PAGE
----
And I bickered with them, particularly with the wife. I really was making the case for saving the trees, because I thought they’d be good for the design, and I just couldn’t imagine cutting them. So she called me up about two weeks later and said: “Jim, could you come and meet me out at the site?” I immediately started to smell something, so I borrowed one of the cars in the office and drove out to this place. I came around the corner and here was a gap 2,000 feet long by 200 feet wide of dirt sloping down to the water with about four smoldering burn piles from the roots of these trees and the logging trucks just leaving. I’m being truthful in saying I was stunned. I got out of the car. I was vaguely aware of the owner’s wife yelling at me, wagging her finger. But I couldn’t catch my breath. It was like watching a murder or a holocaust. So finally, I started listening to the owner and she was saying: “Jim, this just shows you shouldn’t argue with us. We’re going to do what we want to do.”
For about two years after that we didn’t do any work. It was like waking up one morning and finding out that you’re the enemy, that you’re part of the system killing everything you love. Then one day some people came in who had some land on a little stream running into the next harbor south of my office. South-facing, real beautiful land. They came in and said they’d been working for a year and they’d gotten a permit to fill the little stream and clear cut the property. Could I design a really nice little colonial for them? They had only heard that I was kind of a good designer, so I explained to them I couldn’t do that. I told them why, nicely, and they left.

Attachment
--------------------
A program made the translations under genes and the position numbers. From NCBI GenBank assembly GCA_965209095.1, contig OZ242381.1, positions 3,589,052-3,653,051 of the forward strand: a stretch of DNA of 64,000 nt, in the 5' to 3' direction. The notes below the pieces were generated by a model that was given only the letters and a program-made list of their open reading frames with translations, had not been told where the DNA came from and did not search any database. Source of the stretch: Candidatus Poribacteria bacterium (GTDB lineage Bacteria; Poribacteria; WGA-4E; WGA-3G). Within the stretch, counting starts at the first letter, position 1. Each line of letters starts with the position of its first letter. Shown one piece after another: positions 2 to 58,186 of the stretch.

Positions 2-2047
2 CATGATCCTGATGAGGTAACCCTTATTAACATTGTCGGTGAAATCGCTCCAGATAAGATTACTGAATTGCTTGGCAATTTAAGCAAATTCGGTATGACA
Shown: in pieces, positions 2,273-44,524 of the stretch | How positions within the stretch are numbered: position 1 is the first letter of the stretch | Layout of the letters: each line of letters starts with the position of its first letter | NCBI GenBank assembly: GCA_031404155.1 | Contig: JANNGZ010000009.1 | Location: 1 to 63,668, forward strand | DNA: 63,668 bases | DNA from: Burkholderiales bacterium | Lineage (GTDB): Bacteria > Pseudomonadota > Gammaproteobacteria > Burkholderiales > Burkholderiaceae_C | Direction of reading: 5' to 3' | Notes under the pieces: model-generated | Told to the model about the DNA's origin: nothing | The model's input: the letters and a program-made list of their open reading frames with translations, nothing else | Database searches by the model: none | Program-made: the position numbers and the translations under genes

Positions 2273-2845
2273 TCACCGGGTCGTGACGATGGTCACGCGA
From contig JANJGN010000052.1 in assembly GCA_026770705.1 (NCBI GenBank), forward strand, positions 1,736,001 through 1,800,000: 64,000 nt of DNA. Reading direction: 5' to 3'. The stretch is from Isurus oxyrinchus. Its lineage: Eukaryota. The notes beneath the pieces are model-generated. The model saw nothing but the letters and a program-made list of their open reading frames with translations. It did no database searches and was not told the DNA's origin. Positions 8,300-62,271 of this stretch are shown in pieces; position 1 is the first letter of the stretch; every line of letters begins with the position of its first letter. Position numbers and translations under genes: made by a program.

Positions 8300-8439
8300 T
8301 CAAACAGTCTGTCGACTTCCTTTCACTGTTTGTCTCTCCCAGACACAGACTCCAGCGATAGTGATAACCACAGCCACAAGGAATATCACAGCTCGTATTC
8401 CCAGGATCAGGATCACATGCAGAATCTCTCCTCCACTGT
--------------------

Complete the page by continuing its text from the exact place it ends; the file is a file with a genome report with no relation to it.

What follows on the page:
About a month later, they called up and said: “You know, we found a nicer place. What do we do with this land? You’ve made us feel really bad about getting this permit to fill the stream.” I went out and got a developer. I had this idea. Have any of you read Barry Lopez? He’s a naturalist writer, and I had just finished reading Arctic Dreams; it’s a Pulitzer Prize-winning book, a great book. It’s about the food chain. And the one thing you get out of that book is that people treat land the way they perceive it. That sounds sort of silly and circular, but the fact is if you perceive a place as beautiful, pristine, full of life, or full of food, you treat it that way. You respond to it. If you perceive is as a junkyard, you treat it like a junkyard.